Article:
Letter in response to "Fatal cardiac glycoside poisoning due to mistaking foxglove for comfrey" - Hughes A, Hendrickson RG, Chen BC, Valento M.
[Abstract unavailable] Language: en... (Source: SafetyLit)
Source: SafetyLit - November 7, 2017 Category: International Medicine & Public Health Tags: Home and Consumer Product Safety Source Type: news

Fatal cardiac glycoside poisoning due to mistaking foxglove for comfrey - Wu IL, Yu JH, Lin CC, Seak CJ, Olson KR, Chen HY.
We report a patient who ingested foxglove mistaking it for comfrey and developed refractory ventricular arrhythmias. The patient died despite treatment w... (Source: SafetyLit)
Source: SafetyLit - May 8, 2017 Category: Global & Universal Tags: Home and Consumer Product Safety Source Type: news

Herbal remedy warning: Woman in life-threatening state after insomnia cure tea mix-up
A WOMAN who mistakenly used foxglove instead of comfrey leaves to make a herbal tea was rushed to hospital in a life-threatening condition. (Source: Daily Express - Health)
Source: Daily Express - Health - December 2, 2016 Category: Consumer Health News Source Type: news

Voodoo Medicine: Time To Stop
The world's most celebrated athlete standing on the podium in Rio in honor of receiving yet another gold medal has something important in common with your lazy uncle throwing back a cold one in his Barcalounger. Yes, swimming powerhouse Michael Phelps, purple-spotted from cupping therapy, and your slovenly relative with a beer gut both share a bond -- a weakness in succumbing to the allure of voodoo medicine. Modern-day snake oil salesmen hawking quick cures and TV doctors peddling the latest diet miracle with blatantly ridiculous claims are everywhere on the tube, social media, the supermarket and old-fashioned billboards...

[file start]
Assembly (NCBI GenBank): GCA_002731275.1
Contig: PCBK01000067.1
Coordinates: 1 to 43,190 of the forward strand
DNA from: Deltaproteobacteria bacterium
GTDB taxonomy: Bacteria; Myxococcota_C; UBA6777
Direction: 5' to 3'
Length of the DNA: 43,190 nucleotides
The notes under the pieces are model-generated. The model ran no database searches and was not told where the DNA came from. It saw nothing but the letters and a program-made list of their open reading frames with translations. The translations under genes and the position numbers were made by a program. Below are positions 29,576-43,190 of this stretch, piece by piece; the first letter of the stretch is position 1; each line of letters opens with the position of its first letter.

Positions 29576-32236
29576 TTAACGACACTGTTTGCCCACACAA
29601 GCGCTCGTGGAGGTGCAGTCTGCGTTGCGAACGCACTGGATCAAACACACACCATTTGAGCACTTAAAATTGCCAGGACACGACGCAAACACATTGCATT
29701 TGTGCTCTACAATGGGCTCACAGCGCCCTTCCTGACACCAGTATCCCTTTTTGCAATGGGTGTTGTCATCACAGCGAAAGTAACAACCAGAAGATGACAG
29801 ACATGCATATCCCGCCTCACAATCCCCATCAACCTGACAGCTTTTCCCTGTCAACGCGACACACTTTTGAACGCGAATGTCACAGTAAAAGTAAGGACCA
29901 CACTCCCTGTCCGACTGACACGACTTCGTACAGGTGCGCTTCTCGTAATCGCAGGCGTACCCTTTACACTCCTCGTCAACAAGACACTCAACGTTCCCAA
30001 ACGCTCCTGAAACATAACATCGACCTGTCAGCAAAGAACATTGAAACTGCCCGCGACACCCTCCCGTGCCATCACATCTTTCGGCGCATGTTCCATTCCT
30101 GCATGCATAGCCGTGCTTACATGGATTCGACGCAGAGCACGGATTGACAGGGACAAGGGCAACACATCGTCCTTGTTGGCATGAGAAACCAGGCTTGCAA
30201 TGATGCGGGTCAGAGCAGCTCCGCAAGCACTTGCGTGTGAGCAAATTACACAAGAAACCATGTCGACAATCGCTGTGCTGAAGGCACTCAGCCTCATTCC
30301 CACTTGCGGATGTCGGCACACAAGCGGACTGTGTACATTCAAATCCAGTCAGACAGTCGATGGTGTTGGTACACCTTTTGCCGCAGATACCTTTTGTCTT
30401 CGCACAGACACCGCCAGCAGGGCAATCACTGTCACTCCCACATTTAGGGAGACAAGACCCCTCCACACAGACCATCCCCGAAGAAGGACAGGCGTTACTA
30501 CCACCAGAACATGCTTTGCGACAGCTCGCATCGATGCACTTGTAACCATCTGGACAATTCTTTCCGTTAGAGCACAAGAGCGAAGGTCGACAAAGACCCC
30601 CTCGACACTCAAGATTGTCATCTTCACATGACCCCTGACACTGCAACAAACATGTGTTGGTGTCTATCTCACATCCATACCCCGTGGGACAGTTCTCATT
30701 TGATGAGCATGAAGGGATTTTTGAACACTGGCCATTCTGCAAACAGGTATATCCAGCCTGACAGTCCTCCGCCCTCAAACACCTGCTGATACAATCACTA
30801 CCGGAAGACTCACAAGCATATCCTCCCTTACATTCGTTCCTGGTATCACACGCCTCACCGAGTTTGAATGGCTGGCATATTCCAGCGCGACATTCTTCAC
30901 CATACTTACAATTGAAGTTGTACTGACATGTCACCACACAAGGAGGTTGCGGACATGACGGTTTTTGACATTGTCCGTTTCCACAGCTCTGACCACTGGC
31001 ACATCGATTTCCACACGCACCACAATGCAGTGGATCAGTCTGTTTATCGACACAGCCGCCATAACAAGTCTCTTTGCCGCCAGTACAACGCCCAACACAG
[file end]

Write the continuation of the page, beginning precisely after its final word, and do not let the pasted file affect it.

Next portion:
Source: Science - The Huffington Post - August 12, 2016 Category: Science Source Type: news

Common Beauty Ingredient Might Actually Help You Live Longer
Ingredients in your anti-aging lotions and potions might actually be good for something other than giving you a more youthful appearance. A new study says that a common ingredient found in skincare products might have life-lengthening benefits.  Researchers from the University of Liverpool have identified a few compounds that mimic the longevity benefits of a calorie-restriction diet. Calorie restriction, in some studies, has been shown to slow the aging process in some animals and reduce the risk for age-related disease.  The researchers tested five compounds on nematode worms -- and four of them were shown...
Source: Science - The Huffington Post - December 18, 2015 Category: Science Source Type: news

Vitamins: stop taking the pills
This article was corrected on 7 June 2013. During editing, a line in the fifth from last paragraph, beginning 'Another example is St John's wort…' was accidentally transposed, leading to the suggestion that serotonin was a medicine rather than a brain chemical.Alternative medicineHealth & wellbeingHealthCancerCancerMedical researchPharmaceuticals industryDepressionguardian.co.uk © 2013 Guardian News and Media Limited or its affiliated companies. All rights reserved. | Use of this content is subject to our Terms & Conditions | More Feeds     (Source: Guardian Unlimited Science)
Source: Guardian Unlimited Science - June 7, 2013 Category: Science Tags: The Guardian Depression Pharmaceuticals industry Health Medical research & wellbeing Society Extracts Features Cancer Life and style Alternative medicine Science Source Type: news